Discussion in 'Archive: The Senate Floor' started by king_alvarez, Apr 24, 2008.
Awesome. I am posting this on FB as see if there are many "likes".
I'm currently reading a book by Jared Diamond called "The Third Chimpanzee."
It's a history of the human species, and deals specifically with the issues of art, compassion, and a few other things that set us apart from most other animal species.
anybody else here read it?
It's on my bookshelf back in Louisiana. I have to finish Collapse before I start on this one.
[link=http://ncse.com/resources/free-evolution-book-downloads]Free downloads on evolution[/link]
Another off-topic response...
I haven't yet read it, but I've got this book on my to-do list. And while I don't know what Diamond said exactly, I think that he did get the geography part right on. Reading a synopsis, there were some details he mentioned which properly explained why it was so.
1) Animal and plant domestication: the Americas unfortunately didn't have many work animals like the horse, and their diet from domesticated plants was quite limited. Eurasia was well-provided with both, whereas Africa's only major source for food and animal domestication was along the Nile valley and delta.
2) Rates of diffusion and migration: Diamond made a point about this in Collapse. He stated that it was important for any developing nations to have connections with others. It was dangerous to be completely isolated, but equally bad to be completely open to invaders. Peninsulas were ideal because you had only to protect your borders on one side, allowing for trade and not preventing a diffusion of technology into your country.
3) Continental differences in population and areal size: Europe's diversity of culture and scattered nations actually proved to be the driving force behind colonization around the world. Although there have been many successful Asian nations like Mongolia and China, these empires formed a single homogeneous mass of people, which ultimately made them less dynamic or monolithic in nature. Mongolia was powerful, but short-lived. China endured as less powerful, but stagnant giant. With nations like England, France, Spain, Portugal, and the Germanic city states all competing with one another... surly these would have been the most likely to grow into colonial empires.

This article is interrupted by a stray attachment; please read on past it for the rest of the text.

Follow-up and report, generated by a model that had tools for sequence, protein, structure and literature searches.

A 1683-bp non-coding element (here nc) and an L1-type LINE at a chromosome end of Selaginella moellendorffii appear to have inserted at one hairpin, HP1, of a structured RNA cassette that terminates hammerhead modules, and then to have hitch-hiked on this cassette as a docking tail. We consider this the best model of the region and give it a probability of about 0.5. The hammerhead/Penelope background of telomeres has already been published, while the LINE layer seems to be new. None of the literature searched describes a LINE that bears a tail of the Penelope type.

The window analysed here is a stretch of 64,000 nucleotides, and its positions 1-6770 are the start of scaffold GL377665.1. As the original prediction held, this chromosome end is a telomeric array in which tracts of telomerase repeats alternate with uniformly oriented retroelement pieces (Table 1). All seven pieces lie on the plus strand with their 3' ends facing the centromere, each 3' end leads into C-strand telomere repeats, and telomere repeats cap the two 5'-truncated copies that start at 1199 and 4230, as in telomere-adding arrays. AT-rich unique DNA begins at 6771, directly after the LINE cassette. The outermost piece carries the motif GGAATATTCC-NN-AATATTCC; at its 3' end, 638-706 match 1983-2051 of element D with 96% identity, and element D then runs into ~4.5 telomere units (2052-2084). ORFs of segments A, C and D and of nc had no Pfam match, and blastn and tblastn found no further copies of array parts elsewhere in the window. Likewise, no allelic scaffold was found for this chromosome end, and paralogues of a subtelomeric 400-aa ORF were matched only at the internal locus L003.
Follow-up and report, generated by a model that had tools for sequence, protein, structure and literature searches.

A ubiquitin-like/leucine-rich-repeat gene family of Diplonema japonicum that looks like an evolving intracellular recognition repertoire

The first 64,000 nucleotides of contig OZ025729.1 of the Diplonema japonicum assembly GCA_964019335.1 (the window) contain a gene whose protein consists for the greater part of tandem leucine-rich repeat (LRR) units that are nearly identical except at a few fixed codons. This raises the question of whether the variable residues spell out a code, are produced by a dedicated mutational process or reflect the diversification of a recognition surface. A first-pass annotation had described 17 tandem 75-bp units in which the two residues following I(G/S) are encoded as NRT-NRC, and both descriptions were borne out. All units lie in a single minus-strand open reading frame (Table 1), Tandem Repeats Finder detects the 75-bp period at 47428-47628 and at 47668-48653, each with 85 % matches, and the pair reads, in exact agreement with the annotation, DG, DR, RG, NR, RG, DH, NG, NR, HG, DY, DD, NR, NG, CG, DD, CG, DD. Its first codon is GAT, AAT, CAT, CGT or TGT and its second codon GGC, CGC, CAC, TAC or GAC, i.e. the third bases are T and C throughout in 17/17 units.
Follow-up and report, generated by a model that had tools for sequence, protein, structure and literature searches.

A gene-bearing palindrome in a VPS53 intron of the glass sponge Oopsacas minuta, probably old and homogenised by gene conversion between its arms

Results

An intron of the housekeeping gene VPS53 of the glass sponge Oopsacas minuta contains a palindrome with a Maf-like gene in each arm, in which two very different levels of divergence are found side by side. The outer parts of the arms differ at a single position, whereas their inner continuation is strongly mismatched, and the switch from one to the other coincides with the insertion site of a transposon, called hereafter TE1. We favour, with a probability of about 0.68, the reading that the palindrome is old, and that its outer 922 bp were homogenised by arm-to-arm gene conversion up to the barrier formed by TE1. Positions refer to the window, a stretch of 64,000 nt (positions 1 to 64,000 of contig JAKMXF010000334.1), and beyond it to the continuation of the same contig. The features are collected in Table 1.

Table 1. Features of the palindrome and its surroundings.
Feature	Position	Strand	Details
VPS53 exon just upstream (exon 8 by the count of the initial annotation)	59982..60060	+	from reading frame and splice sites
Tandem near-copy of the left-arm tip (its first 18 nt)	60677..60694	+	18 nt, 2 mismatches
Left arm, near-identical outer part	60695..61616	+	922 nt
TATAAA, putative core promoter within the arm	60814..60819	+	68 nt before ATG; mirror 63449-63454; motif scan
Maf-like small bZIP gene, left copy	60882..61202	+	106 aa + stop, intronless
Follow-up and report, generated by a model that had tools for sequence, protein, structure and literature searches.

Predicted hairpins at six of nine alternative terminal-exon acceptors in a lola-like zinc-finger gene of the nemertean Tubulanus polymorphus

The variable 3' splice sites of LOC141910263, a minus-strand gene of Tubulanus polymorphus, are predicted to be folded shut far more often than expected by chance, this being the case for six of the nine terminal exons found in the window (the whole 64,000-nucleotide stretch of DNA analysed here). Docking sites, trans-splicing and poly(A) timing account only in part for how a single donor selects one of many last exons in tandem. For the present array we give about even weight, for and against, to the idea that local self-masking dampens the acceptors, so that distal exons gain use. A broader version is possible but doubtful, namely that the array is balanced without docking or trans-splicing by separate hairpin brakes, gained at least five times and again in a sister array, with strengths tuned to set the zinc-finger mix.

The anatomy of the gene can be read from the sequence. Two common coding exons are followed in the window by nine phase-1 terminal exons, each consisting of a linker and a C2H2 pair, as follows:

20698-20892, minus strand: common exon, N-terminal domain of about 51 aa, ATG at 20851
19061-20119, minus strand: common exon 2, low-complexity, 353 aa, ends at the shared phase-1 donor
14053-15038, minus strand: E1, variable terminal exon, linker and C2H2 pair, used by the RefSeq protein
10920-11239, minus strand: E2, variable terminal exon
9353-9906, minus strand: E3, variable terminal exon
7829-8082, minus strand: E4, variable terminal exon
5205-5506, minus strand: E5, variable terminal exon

Britain was in the perfect position to rise as a global empire because, being surrounded by water, was isolated from its European neighbors; yet within arm's reach through water connection. This allowed them the best geographic position to remain isolated from invaders, yet close enough to influence the world as a sea power. And while I'll admit this was augmented by them leading the industrial revolution, their proximity to water was what allowed them to flourish as a nation.
Rome was in a perfect position to influence the world because it was built on a peninsula. Again it was another European nation blessed with all the resources it needed to advance ecologically and technologically. That in addition to its access to domesticated crops and animals made it a natural choice for becoming a major empire. Locations like the Fertile Crescent were more ecologically fragile, China suffered power struggles all the time, and Egypt's self-sustai
From what I've read, this remark is quite relevant. wannasee's interest appears to be in the potential social implications of teaching a well-supported scientific theory* as fact when a fair percentage of the population does not believe this theory, usually for religious reasons. While further research disputes the idea of the Church opposing a number, it does point out the ridiculousness of ignoring a fact simply because it is confusing, inconvenient, or in opposition to the opinions of those in power. Truth is truth, whether we believe it to be or not.
*just to be clear, a scientific theory is considered to be nearly indistinguishable from fact, except that it could conceivably be proved wrong with adequate evidence.
Zero would destroy their worldview. I think that explains it.
There is no religious test to determine veracity.
Okay, I need to add those two books to my reading list. I'm nine years behind in my reading, tho. Still haven't read the 39 page paper on Chimpanzee ethics. Downloaded it, printed it, read a few pages and then put it down...
I have been debating where to post this information I got from an article on why Noah's ark probably never existed. It's called "The Impossible Voyage of Noah's Ark" and it appeared in a 1983 article in the magazine of The National Center for Science Education, issue 11, Winter, 1983. The National Center for Science Education is dedicated to preserving the teaching of evolution in the schools.
It gives very lengthy explanations of everything from how impossible it would have been for the Ark to have been built given the technological problems involved, the wood would have rotted long before the Ark was even nearly finished, including how difficult it would have been to build proper enclosures for all the animals involved, etc., so I will summarize one point that can't be argued away.
I will summarize as follows: all the known veneral diseases of humans can only survive in one place--the human body. So, all of Noah's family, wives, etc., would have had to have been infected with one or more of these diseases in order for the disease to survive the Flood.
Prior to the Ark, simple log canoes and reed rafts were the only means of water travel. After the Ark, all the technological innovations vanished as if they had never been and the people went back to using simple log canoes and reed rafts.